Sunday, January 21, 2007

More Democratic Candidates

Hillary Rodham ClintonThe Democratic field grows larger by the day. As has been widely predicted for several years, New York's junior Senator and the first First lady ever to serve in Congress, Hillary Rodham Clinton, has launched an exploratory committee to run for the presidency. As she states it, she "in it to win it," but then anything less would be out of character. Democratic hack Terry McAuliffe--who as head of the DNC presided over years of electoral losses before ceding the post to Howard Dean, who helped to engineer this past fall's electoral comeback--has already begun suggesting that her campaign will be Thatcherian in nature--Lord help us! Nevertheless, I'm excited by the possibility of her history-making run and possible win, because by every conceivable measure Hillary Clinton and the constellation of politicians, policy makers and administrators around her would leave a positive legacy, even with the (remnants?) of the Iraq War overshadowing at least her first few years. Yet I'm also concerned that were she to win, we'd experience a return domestically of the previous Clinton administration's DLC-tinged rhetoric, small-bore policies and triage politics that effectively constituted one of the more successful moderate conservative administrations in the last 50 years. After 8 years of Bushism, a more radical course of action is necessary. Overall, I find the prospect of a forthcoming Clinton campaign very exciting, and am eager to hear her goals for getting out of Iraq and for her governance, and witness how she deals with the expected attacks and outrageousness coming from the media, the right, and even some in her party. Whitewater, for which she and her husband were fully exonerated was, I'll never forget, a creature nurtured and propelled primarily--at least in its early stages--by the "mainstream media."

Bill RicharsonIn addition, today New Mexico's governor and former Congressperson, Clinton administration Energy Secretary and US Ambassador to the UN Bill Richardson announced he'll run for president as well. I view Richardson, who'd become the first Latino president of the US, as one of the less likely primary winners, but given the crowded field and his moderate-to-progressive stances, his victory in the primaries isn't inconceivable. Two landslide gubernatorial wins in 2002 and 2006 point to a strong, effective and popular campaigner, his successful infrastructure initiatives show that he can push through efficacious policies, and his brokering of the cease-fire in Darfur indicate that even as a governor, he not only has an interest in international affairs, but hasn't lost his diplomatic skills. I'm particularly interested to hear his views on how to extricate ourselves from the debacle in Iraq (and the unfolding, preventable one in Afghanistan) and rebuild our ties to allies, as well as improve our international standing, especially in the Muslim world. As with Clinton and Obama, I'm excited that he's in the race, and can't wait to see how it all unfolds over the next two years.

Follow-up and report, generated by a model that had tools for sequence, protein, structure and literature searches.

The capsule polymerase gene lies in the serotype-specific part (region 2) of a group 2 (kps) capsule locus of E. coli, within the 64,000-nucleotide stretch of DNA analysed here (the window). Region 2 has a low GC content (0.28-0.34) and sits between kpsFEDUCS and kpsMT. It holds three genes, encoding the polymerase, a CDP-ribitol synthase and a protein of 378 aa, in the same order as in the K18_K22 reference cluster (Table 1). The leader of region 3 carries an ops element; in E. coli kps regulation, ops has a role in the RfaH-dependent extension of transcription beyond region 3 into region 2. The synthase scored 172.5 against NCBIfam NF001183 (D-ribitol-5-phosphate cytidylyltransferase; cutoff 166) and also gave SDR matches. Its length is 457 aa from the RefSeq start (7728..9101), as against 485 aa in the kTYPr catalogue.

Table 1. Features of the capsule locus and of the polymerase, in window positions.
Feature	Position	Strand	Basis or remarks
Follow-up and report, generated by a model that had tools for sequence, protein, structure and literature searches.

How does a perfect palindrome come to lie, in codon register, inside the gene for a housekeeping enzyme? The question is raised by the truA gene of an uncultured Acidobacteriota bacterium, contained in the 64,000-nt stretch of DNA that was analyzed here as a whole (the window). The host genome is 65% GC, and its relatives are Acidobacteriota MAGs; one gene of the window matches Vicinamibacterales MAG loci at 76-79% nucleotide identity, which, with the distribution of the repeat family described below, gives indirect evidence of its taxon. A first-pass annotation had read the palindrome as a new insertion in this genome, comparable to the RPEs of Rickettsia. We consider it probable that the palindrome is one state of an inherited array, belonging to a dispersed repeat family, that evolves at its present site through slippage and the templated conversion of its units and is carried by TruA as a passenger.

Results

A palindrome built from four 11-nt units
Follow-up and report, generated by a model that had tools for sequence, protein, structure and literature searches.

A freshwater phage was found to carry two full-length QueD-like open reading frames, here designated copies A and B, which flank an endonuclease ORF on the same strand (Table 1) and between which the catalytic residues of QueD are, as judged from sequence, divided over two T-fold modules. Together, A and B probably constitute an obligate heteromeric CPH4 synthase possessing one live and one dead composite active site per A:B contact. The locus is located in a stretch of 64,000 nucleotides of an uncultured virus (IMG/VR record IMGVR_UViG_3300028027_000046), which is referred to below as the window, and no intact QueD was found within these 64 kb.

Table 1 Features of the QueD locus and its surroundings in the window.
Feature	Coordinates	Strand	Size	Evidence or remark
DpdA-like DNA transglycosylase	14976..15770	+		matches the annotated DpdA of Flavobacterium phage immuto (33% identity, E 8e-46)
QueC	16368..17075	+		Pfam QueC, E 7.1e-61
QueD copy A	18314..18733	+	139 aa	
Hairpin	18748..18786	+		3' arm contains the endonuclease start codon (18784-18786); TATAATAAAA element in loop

Speaking of Democratic candidates and the expected media attacks (that keep coming), Fox News has launched its own, ignorance-laden smear against Barack Obama. As I said a few posts ago, it'll only get worse.


The other day, Raw Story provided a link to one of the strangest and most disturbing stories in recent memory; yet I could also see this as a Todd Solondz movie. (Just so long as Bruce LaBruce or Gaspar Noe doesn't get ahold of it first.)

On a different continent, extremists in Nigeria, who seem to be endlessly focused on everything but the real problems facing that country, are agitating to ban anything and everything gay....


Two coaches made NFL and US sports history today: Lovie Smith led the Chicago Bears to the NFC Championship over the New Orleans Saints, while Tony Dungy coached the Indianapolis Colts to the AFC Championship over the New England Patriots, thus each becoming the first African-American coaches ever to take teams to the Super Bowl, and just as historically, at the same time!

The Bears defeated the league's Cinderella team on a superb ground game by running back Thomas Jones and their game-transforming defensive unit, to finish 39-14, while the Colts roared back from a 21-6 deficit under the steady arm of star quarterback Peyton Manning, and sent the Patriots packing 38-34.

The wins are a great vindication for both Smith and Dungy; the soft-spoken Smith is the lowest-paid head coach in the NFL and is in the final year of a 4-year contract, while Dungy, who weathered the suicide of his son last year, was fired from the Tampa Bay Buccaneers despite leading them to the conference championship in 1999, and nearly won the conference championship in 2003 with Indianapolis.

Congratulations to both teams, and, pace St. Louis Rams, GO CHICAGO BEARS!


  1. I sometimes wish pundits were not quite so predictable. Although I have been expecting it for months, Debra Dickerson's "Obama isn't black" article is still a huge disappointment.